|In the decade since the Department of Homeland Security (DHS) and Immigration and Customs Enforcement (ICE) were created in the wake of 9/11/01, senior officials in these agencies have repeatedly asserted that their primary enforcement mission was to deport terrorists, persons who threatened the national security and serious criminals from the United States.An examination of millions of case-by-case government records about the day-to-day actions of the DHS and ICE, however, has determined that these frequent claims — made by senior executives under both President Bush and President Obama — are misleading.The contrast between the official pronouncements and actual achievements of the government during the last twenty years has been documented in an analysis by the Transactional Records Access Clearinghouse (TRAC) of case-by-case records of all deportation proceedings initiated by ICE, and its predecessor agency (the Immigration and Naturalization Service, or INS), in the Immigration Courts.
The data — current through July 26, 2011 — were obtained by TRAC under the Freedom of Information Act from the Executive Office for Immigration Review (EOIR) which maintains these official immigration court records.
What The Government Has Done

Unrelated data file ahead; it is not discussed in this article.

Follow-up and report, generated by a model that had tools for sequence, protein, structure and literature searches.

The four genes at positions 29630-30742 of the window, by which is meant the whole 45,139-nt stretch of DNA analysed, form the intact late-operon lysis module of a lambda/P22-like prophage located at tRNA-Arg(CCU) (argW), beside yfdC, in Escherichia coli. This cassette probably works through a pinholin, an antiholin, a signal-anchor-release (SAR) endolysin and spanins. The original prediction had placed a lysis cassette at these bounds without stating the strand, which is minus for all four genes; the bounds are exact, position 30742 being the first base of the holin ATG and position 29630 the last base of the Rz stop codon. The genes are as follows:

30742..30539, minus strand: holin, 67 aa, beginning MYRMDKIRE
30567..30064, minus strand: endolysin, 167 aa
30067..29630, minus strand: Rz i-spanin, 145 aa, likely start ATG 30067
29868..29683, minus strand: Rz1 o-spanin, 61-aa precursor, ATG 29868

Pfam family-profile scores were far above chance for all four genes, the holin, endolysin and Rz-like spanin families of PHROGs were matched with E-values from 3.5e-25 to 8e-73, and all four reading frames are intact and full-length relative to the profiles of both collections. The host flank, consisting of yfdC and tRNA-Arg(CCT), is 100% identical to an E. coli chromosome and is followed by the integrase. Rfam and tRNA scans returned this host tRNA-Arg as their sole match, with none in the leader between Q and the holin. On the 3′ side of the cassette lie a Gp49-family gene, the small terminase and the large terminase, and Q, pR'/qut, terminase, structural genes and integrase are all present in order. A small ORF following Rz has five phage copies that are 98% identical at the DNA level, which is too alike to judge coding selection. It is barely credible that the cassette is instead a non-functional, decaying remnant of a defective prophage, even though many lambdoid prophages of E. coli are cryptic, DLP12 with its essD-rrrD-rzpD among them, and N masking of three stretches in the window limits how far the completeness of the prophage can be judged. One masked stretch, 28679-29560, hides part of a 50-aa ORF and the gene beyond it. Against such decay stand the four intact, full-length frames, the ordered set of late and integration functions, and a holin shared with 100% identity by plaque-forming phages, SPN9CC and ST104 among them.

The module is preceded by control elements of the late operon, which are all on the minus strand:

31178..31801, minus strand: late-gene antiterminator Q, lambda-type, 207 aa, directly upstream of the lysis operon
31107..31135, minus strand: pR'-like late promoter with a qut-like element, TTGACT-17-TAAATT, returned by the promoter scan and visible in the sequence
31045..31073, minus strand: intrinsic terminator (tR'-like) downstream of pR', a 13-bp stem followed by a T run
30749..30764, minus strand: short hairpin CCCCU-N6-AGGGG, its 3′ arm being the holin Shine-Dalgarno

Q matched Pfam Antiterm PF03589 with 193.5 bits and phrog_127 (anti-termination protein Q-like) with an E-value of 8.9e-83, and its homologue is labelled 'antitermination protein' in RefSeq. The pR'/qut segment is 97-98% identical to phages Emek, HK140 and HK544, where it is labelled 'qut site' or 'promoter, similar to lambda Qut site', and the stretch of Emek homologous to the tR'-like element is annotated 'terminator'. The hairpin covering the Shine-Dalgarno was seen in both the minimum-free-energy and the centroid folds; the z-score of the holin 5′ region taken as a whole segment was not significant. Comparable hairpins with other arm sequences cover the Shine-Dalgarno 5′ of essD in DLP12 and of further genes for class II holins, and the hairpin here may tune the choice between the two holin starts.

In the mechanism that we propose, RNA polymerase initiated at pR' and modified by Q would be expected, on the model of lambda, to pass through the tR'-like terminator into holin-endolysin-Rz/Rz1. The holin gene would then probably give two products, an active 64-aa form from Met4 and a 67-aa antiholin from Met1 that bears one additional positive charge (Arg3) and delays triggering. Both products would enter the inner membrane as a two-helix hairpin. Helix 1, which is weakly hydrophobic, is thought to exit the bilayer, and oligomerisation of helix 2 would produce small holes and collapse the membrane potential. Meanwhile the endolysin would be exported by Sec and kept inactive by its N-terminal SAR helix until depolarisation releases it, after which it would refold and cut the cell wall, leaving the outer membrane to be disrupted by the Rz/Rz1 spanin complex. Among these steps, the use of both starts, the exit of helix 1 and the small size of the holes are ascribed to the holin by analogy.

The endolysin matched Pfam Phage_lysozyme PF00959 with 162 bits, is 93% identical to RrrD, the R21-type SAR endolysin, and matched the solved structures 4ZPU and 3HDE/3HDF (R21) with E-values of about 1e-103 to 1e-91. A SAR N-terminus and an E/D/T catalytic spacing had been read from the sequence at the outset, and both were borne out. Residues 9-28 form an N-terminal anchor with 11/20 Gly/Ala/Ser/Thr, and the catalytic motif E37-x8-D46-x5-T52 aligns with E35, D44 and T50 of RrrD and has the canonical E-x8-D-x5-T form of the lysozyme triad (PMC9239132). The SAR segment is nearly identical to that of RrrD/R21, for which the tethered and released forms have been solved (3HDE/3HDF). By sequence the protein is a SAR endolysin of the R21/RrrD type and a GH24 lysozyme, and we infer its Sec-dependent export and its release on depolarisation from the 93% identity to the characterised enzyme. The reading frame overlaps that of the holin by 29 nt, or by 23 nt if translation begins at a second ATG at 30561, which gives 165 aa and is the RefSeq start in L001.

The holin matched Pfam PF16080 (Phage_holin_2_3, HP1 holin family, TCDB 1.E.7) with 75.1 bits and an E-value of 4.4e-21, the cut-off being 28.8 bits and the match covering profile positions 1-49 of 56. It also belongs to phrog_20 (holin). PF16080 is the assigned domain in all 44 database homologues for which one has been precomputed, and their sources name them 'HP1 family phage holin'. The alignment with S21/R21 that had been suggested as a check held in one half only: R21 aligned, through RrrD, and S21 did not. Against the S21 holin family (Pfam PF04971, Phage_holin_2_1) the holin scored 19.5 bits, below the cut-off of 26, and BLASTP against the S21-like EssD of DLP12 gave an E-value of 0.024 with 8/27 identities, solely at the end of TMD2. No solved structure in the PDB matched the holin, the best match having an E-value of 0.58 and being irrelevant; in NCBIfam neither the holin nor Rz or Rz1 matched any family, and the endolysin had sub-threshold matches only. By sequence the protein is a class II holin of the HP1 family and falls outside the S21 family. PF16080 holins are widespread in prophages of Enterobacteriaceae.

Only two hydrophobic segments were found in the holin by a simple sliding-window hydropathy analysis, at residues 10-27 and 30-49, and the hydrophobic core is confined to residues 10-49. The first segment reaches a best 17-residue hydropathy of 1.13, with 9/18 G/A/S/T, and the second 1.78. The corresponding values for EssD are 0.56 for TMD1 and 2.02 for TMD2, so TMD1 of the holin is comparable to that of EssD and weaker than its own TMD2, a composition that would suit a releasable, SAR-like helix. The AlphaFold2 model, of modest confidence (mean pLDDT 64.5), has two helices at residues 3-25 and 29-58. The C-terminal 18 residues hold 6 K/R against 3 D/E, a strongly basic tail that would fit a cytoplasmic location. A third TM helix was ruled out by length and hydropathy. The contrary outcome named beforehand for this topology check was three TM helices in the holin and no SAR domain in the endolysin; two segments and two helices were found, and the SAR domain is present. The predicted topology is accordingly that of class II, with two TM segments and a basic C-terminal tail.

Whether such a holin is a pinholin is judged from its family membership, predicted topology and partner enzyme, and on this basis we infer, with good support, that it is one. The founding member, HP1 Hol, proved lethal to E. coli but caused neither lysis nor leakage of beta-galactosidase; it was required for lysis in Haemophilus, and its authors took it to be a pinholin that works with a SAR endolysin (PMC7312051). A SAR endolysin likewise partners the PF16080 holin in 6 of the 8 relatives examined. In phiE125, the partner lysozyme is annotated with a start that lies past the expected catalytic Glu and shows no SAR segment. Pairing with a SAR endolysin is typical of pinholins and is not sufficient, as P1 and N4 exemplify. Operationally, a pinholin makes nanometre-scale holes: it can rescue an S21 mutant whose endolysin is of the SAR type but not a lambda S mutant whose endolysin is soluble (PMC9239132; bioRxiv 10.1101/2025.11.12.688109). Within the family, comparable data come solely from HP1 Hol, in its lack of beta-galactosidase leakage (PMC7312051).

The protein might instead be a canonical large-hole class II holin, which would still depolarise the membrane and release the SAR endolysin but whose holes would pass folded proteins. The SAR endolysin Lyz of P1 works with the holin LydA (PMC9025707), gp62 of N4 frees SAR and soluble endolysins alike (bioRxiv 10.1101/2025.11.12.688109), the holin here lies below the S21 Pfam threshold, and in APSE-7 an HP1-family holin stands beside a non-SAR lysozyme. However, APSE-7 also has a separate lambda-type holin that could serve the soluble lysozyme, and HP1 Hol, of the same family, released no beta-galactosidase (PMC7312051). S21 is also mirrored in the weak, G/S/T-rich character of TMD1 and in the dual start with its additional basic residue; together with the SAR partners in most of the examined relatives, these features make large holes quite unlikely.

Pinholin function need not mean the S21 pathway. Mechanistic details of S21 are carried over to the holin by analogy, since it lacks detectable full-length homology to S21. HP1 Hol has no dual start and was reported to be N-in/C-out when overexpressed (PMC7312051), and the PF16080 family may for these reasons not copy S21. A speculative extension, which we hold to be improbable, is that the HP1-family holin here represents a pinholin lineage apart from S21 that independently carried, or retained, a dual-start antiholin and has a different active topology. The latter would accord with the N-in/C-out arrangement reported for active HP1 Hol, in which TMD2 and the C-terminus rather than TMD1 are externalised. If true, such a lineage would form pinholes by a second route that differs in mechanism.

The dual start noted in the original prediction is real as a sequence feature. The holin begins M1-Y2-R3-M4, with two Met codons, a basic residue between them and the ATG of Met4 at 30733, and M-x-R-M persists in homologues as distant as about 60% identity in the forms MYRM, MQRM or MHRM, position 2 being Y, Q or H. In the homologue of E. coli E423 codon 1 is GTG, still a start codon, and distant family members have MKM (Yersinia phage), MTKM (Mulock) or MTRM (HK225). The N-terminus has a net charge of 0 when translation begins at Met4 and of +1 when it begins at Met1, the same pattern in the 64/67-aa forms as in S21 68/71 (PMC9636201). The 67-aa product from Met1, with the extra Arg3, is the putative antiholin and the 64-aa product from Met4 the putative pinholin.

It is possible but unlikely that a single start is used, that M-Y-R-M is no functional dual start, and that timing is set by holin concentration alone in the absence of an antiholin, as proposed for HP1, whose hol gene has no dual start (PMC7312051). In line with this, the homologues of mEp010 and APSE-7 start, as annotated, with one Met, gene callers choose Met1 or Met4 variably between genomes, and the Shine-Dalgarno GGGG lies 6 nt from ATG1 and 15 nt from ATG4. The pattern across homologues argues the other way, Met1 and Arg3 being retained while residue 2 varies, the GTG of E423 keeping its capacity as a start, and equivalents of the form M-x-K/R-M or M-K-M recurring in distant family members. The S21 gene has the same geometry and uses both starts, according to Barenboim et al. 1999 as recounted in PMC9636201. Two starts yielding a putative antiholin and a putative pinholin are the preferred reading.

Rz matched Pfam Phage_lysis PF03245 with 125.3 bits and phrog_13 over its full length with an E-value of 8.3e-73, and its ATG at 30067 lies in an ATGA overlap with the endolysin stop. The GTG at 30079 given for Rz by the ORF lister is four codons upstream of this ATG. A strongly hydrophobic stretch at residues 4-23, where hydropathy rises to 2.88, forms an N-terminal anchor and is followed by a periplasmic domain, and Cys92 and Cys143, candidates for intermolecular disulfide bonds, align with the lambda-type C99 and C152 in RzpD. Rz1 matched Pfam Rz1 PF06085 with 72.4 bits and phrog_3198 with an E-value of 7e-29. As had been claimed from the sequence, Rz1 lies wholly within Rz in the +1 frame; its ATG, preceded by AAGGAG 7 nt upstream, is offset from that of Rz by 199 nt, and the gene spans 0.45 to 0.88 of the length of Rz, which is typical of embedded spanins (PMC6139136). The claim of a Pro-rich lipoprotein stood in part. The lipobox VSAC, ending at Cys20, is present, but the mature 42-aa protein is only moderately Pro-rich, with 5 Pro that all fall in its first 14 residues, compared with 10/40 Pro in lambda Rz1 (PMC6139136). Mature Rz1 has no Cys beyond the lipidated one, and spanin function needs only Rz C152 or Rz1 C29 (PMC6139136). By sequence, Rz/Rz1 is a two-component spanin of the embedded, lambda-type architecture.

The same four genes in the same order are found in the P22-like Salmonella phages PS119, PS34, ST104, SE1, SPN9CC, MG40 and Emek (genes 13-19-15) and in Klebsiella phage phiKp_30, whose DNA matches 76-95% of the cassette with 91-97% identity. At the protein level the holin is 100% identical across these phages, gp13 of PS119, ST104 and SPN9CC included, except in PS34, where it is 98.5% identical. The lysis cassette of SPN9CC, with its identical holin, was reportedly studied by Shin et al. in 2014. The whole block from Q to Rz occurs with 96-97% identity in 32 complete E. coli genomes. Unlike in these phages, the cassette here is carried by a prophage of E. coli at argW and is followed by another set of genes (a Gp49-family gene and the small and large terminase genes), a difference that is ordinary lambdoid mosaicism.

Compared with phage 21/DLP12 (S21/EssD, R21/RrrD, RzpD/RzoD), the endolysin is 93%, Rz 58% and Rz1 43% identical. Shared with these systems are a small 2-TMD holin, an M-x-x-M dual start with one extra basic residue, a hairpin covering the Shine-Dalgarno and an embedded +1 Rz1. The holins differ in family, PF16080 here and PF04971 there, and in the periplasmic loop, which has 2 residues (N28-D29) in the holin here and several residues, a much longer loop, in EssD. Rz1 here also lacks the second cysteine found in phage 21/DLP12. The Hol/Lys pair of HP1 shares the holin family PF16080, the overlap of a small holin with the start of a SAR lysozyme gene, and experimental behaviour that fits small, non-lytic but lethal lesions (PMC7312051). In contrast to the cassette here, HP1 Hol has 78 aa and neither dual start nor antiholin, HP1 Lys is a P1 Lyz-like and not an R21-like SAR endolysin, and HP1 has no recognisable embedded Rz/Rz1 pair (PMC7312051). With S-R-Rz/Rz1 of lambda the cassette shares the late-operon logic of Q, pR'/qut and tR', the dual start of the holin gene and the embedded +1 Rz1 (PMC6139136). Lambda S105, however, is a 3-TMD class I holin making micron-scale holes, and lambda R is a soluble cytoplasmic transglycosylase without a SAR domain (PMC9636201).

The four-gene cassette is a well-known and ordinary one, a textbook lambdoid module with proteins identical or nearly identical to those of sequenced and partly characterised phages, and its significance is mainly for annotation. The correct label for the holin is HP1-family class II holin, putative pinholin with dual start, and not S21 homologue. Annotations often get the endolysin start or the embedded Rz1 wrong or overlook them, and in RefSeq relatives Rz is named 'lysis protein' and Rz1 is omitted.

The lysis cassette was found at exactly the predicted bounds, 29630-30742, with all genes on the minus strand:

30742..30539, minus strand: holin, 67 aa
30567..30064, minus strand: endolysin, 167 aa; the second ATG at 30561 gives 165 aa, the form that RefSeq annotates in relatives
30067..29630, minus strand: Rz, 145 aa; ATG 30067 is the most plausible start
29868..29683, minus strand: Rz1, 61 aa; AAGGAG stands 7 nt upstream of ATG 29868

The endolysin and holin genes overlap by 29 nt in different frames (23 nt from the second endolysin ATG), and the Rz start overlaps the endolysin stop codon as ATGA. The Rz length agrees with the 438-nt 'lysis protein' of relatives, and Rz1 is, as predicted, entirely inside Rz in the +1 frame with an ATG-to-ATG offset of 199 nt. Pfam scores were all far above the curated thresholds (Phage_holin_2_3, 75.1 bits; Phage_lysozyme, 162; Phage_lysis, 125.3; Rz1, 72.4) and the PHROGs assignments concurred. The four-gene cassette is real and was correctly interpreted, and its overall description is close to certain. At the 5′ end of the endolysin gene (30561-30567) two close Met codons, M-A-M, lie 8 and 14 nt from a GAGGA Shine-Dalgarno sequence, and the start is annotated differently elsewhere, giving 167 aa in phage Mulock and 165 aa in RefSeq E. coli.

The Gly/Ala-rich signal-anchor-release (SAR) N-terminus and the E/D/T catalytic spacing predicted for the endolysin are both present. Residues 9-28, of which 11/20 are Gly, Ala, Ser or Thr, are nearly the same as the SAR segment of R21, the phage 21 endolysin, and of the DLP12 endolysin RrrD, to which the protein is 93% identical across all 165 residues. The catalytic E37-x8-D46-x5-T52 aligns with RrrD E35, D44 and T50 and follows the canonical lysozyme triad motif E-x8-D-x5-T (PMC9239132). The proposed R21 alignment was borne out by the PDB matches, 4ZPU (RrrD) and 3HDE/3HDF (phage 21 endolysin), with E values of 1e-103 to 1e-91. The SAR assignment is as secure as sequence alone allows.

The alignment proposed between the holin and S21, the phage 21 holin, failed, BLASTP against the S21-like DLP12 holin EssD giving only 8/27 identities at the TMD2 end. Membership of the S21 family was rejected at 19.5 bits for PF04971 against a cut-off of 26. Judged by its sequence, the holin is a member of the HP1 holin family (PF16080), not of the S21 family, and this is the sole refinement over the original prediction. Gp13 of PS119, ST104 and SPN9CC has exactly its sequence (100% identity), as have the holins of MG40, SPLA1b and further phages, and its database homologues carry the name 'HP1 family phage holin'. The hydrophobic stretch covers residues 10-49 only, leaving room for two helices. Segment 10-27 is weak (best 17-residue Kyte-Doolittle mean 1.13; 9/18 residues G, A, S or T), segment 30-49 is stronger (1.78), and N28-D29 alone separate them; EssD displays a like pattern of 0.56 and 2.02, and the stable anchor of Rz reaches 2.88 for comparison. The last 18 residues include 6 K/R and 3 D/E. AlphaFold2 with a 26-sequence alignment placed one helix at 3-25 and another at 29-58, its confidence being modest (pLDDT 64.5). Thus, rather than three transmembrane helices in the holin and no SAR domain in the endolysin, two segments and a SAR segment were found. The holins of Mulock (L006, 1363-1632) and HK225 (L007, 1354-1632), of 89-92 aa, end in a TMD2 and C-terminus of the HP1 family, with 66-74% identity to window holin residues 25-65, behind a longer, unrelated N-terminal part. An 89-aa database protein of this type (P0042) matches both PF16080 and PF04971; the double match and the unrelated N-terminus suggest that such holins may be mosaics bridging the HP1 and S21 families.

Key findings from these government records are:
A decade-by-decade comparison of all removal proceedings initiated in the Immigration Courts seeking to deport individuals from the United States shows substantial growth — from 1.6 million in the decade before 9/11 to 2.3 million in the ten years after.
But a comparison of the kinds of deportation proceedings in both the pre-and-post 9/11 periods documents that the actual numbers of those aimed at criminals, national security threats and terrorists have all declined rather than increased (see Figure 1). On the other hand, the total number of those charged with purely immigration violations has sharply increased — 1.2 million before the attacks, 1.9 million after.
Deportation proceedings on terrorist or national security grounds, always an extremely rare event, have become even rarer (see Figure 1). In the decade before the 9/11 attacks, for example, there were a grand total of 88 matters involving terrorism charges. For the ten years after 9/ll there were 37 such cases.